When evaluating options for helping managing central lines in toddlers it may be important to you to know that the Pediatric Central Line Protector™ has been reviewed by the FDA and cleared as a Class I exempt medical device. But you may wonder what that means? The FDA website provides some great information.
510(k) exempt medical devices: Medical devices that do not require FDA review before the devices are marketed are considered “510(k) exempt.” These medical devices are mostly low-risk, Class I devices and some Class II devices that have been determined not to require a 510(k) (named for a section in the Food, Drug, and Cosmetic Act) to provide a reasonable assurance of safety and effectiveness. These devices are exempt from complying with premarket notification requirements subject to the limitations on exemptions; however, they are not exempt from certain general controls. For example, 510(k) exempt devices must
- be suitable for their intended use
- be adequately packaged and properly labeled
- have establishment registration and device listing forms on file with FDA
- be manufactured under a quality system (with the exception of a small number of class I devices that are subject only to complaint files and general record keeping requirements)
Cleared medical devices: These medical devices are ones that FDA has determined to be substantially equivalent to another legally marketed device. A premarket notification, referred to as a 510(k), must be submitted to FDA for clearance. A 510(k) is most often submitted by the medical device manufacturer. The Medical Device Amendments of 1976 to the Federal Food, Drug and Cosmetic Act established three regulatory classes for medical devices. The three classes are based on the degree of control necessary to assure the various types of devices are safe and effective. Class I – These devices present minimal potential for harm to the user and are often simpler in design than Class II or Class III devices. Examples include enema kits and elastic bandages. 47% of medical devices fall under this category and 95% of these are exempt from the regulatory process. Class II – Most medical devices are considered Class II devices. Examples of Class II devices include powered wheelchairs and some pregnancy test kits. 43% of medical devices fall under this category. Class III – These devices usually sustain or support life, are implanted, or present potential unreasonable risk of illness or injury. Examples of Class III devices include implantable pacemakers and breast implants. 10% of medical devices fall under this category. Exempt – If a device falls into a generic category of exempted Class I devices, a premarket notification application and FDA clearance is not required before marketing the device in the U.S. However, the manufacturer is required to register their establishment and list their generic product with FDA. Examples of exempt devices are manual stethoscopes, mercury thermometers and bedpans.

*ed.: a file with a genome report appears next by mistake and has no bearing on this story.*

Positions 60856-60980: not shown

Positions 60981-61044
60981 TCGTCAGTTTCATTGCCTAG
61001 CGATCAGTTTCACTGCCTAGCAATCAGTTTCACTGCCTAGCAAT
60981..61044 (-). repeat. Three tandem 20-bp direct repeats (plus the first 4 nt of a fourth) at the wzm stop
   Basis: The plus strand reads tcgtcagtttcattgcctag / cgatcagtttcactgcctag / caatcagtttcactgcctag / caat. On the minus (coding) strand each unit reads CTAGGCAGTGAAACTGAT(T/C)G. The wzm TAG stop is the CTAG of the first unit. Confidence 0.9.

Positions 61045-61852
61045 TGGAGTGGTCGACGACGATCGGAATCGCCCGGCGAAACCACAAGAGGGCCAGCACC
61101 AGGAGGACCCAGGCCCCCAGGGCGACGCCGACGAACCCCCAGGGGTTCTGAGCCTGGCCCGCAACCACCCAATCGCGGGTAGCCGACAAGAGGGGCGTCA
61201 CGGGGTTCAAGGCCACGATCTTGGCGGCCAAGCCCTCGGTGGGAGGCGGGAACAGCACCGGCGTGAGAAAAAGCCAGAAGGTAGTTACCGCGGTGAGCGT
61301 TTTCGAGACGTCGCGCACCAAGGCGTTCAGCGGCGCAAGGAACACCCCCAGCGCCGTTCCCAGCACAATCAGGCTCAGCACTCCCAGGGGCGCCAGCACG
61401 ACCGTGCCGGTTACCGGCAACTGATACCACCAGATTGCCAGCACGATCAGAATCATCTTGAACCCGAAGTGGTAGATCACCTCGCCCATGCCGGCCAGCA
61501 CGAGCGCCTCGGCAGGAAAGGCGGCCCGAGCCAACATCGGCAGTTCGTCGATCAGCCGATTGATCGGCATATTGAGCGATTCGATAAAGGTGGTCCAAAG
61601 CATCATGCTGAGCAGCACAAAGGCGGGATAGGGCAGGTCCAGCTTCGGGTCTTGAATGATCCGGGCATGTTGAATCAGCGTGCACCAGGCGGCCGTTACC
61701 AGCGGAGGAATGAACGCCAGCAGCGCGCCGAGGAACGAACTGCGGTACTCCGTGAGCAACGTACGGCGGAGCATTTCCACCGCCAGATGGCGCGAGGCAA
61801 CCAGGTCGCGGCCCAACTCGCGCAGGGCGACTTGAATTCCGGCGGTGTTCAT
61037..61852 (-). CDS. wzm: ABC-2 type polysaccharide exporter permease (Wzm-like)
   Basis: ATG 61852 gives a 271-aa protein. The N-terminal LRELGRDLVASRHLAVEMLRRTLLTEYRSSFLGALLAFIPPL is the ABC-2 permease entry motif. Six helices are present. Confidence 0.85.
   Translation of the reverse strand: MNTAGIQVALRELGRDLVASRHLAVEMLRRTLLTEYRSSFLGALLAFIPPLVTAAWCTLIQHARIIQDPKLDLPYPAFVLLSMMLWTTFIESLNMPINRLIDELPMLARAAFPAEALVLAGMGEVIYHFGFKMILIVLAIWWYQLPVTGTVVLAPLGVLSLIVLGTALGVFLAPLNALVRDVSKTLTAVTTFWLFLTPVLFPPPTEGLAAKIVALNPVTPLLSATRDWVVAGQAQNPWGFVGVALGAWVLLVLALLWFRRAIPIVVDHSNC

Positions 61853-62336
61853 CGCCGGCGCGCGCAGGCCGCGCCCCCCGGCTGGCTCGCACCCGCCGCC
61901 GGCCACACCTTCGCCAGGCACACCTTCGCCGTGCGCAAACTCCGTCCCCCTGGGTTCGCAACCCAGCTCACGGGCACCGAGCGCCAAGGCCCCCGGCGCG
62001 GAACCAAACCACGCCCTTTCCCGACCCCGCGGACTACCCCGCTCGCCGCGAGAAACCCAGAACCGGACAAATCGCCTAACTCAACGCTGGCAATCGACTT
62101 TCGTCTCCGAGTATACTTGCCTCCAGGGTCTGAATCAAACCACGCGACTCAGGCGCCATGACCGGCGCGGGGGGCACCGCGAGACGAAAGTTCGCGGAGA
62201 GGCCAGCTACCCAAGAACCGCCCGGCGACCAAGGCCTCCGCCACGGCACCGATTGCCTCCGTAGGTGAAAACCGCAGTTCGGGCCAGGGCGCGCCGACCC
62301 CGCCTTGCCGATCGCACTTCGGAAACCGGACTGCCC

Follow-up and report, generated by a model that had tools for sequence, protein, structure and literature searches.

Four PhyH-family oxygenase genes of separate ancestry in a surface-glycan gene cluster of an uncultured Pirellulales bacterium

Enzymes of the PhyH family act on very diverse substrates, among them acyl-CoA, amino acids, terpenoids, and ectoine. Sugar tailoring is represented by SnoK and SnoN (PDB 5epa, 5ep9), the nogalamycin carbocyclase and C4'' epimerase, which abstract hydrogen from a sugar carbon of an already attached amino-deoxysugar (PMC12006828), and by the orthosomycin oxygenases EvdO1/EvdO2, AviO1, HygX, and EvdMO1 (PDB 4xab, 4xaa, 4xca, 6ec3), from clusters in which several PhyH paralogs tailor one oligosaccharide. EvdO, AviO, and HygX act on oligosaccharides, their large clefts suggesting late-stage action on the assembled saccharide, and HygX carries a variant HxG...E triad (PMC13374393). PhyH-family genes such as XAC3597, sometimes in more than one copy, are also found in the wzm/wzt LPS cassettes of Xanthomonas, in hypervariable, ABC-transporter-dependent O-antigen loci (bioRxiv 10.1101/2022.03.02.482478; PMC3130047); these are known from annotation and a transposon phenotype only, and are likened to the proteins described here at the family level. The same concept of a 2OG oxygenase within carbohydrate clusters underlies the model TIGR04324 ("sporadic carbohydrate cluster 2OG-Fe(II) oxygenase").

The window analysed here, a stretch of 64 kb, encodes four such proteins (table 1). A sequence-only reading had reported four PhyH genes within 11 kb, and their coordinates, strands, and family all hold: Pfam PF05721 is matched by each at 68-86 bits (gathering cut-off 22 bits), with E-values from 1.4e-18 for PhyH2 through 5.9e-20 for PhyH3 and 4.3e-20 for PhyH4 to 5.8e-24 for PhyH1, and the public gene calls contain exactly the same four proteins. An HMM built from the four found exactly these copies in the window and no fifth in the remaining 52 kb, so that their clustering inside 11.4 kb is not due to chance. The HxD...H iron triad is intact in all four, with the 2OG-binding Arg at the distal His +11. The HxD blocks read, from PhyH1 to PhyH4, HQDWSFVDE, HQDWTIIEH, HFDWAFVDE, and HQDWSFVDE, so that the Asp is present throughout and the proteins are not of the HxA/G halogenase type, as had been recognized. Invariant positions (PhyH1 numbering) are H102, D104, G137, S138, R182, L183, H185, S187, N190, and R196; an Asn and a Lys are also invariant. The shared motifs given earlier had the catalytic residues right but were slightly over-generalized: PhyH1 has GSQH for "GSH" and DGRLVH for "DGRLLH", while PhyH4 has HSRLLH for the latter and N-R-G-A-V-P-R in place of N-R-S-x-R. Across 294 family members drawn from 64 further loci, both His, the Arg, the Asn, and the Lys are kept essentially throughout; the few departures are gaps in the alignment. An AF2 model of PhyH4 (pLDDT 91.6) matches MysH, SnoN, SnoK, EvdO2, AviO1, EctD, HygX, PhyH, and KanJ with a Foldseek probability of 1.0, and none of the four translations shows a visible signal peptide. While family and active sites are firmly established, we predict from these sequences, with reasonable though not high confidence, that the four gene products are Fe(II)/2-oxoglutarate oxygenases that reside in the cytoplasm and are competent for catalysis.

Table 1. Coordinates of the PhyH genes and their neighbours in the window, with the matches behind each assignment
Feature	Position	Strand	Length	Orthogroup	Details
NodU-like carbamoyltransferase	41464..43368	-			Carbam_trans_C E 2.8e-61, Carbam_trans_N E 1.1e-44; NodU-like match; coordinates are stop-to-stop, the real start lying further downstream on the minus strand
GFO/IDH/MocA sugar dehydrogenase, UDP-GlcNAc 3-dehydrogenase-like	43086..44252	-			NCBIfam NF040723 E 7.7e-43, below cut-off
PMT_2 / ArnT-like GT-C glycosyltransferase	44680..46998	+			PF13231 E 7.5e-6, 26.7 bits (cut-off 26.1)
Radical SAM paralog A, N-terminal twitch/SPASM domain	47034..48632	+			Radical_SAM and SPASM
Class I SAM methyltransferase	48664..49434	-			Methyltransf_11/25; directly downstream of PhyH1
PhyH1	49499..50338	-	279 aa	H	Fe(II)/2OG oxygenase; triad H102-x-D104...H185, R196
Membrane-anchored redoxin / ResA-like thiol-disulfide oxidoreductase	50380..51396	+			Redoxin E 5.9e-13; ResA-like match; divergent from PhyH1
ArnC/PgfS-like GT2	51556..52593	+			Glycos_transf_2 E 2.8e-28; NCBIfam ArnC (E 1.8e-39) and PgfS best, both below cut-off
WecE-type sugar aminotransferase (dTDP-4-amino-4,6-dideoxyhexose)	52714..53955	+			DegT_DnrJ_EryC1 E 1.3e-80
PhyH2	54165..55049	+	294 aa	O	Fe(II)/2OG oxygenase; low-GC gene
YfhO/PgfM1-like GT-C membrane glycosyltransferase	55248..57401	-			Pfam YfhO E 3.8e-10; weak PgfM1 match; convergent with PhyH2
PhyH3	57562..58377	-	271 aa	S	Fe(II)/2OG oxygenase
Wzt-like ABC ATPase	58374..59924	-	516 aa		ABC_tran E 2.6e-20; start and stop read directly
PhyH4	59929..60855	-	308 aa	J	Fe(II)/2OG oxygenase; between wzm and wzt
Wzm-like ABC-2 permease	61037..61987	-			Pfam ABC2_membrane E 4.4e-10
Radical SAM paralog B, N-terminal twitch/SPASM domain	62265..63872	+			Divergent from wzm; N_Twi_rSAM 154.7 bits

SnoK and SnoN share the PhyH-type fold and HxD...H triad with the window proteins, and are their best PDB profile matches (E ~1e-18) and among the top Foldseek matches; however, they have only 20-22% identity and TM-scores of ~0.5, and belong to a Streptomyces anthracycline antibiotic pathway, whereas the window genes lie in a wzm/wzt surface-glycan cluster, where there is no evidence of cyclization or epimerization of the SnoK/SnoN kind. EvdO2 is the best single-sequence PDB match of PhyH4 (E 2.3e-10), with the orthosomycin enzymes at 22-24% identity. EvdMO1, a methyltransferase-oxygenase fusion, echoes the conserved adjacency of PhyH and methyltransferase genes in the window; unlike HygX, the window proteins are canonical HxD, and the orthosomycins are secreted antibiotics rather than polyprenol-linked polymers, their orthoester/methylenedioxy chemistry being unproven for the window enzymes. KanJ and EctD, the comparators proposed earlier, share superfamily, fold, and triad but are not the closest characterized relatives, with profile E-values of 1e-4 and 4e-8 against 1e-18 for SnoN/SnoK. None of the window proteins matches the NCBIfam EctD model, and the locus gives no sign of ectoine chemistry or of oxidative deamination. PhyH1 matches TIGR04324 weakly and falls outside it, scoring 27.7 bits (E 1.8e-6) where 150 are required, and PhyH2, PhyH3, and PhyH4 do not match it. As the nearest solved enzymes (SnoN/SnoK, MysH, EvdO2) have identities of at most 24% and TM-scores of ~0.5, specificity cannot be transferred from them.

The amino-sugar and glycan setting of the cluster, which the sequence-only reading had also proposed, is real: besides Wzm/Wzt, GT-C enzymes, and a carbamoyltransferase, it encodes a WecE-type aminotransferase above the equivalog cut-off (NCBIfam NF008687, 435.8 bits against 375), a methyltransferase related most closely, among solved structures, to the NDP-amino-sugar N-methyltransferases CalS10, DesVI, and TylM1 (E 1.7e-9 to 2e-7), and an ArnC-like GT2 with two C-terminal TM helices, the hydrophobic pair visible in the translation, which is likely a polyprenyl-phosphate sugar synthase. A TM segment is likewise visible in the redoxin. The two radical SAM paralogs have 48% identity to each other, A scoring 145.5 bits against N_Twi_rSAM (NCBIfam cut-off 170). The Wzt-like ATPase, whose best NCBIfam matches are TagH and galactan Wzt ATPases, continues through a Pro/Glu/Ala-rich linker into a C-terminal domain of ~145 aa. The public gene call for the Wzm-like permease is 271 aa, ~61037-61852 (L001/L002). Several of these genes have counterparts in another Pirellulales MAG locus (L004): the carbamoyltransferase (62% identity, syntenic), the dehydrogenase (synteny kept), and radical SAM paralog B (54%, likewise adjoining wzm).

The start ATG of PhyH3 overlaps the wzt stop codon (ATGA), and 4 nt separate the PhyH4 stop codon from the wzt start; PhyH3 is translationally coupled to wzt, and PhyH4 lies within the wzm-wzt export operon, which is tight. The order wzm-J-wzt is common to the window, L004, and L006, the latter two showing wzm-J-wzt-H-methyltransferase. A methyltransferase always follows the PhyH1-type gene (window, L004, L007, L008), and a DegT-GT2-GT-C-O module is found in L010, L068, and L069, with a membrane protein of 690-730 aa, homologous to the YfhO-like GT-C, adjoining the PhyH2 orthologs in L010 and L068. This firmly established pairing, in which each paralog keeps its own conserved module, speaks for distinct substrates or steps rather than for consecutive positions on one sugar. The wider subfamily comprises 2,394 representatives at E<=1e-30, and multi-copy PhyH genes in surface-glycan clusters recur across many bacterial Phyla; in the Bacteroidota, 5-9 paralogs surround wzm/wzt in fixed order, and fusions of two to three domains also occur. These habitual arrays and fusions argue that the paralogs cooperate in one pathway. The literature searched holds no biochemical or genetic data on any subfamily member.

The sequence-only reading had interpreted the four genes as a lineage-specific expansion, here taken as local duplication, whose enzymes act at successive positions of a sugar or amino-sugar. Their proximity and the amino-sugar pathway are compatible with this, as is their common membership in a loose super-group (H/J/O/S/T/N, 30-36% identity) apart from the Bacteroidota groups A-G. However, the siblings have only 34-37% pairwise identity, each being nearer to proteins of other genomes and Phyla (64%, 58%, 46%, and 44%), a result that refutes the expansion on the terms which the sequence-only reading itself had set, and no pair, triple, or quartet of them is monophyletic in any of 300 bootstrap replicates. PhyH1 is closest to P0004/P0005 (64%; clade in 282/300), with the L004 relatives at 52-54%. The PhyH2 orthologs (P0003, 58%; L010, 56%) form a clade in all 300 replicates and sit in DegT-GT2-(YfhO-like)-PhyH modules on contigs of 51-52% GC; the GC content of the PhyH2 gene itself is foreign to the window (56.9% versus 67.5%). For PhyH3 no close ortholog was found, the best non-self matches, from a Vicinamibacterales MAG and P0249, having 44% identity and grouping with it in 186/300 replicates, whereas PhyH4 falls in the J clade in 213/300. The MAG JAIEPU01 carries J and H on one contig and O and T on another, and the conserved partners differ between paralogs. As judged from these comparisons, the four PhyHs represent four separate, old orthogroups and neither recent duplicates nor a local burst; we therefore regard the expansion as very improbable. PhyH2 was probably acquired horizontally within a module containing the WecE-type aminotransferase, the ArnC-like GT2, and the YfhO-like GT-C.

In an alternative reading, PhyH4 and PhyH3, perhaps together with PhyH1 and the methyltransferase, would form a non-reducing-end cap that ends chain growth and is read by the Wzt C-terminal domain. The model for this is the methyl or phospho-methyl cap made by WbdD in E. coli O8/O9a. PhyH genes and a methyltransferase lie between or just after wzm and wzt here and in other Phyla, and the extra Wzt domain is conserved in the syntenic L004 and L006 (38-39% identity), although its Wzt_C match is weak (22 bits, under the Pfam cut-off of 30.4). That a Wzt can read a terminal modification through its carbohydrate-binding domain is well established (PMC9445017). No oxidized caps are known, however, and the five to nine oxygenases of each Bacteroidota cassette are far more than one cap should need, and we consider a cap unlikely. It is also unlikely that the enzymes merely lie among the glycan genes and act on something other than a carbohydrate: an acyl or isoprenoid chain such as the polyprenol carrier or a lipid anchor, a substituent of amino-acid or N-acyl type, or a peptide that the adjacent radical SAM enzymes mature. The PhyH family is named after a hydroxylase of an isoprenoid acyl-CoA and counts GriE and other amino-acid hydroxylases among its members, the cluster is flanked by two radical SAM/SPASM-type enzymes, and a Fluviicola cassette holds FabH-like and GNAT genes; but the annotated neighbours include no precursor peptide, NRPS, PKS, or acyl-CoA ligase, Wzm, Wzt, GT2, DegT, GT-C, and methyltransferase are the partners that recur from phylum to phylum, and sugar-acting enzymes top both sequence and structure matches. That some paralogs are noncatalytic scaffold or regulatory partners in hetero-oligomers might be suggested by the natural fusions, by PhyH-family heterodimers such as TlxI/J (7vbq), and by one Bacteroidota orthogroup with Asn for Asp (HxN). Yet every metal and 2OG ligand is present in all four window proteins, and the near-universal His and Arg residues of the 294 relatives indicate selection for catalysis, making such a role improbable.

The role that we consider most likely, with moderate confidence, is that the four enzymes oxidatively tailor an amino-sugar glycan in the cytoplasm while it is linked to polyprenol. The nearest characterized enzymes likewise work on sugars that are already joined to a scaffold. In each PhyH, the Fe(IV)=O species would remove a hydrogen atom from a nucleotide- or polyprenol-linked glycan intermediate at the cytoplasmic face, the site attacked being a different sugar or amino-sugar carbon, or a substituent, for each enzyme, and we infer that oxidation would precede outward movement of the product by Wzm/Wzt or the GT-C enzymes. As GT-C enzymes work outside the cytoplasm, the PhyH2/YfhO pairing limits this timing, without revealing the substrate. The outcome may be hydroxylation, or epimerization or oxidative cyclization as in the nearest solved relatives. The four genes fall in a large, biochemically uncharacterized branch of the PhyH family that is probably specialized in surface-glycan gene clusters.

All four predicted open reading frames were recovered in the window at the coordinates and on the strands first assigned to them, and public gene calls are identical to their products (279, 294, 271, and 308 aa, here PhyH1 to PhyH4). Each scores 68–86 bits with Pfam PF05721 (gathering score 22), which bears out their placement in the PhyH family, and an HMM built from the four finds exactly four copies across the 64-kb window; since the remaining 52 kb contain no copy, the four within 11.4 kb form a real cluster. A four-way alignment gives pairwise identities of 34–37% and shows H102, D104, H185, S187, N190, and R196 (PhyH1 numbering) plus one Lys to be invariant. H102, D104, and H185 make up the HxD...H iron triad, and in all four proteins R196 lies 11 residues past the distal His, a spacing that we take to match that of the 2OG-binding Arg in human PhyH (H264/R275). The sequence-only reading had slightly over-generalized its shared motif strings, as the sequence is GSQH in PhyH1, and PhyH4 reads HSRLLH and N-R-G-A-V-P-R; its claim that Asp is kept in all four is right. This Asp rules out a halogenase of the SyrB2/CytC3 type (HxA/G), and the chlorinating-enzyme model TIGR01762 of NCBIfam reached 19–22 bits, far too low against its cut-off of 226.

When considering your purchase, keep in mind that we’ve made the effort to ensure our product has been reviewed and evaluated by the FDA.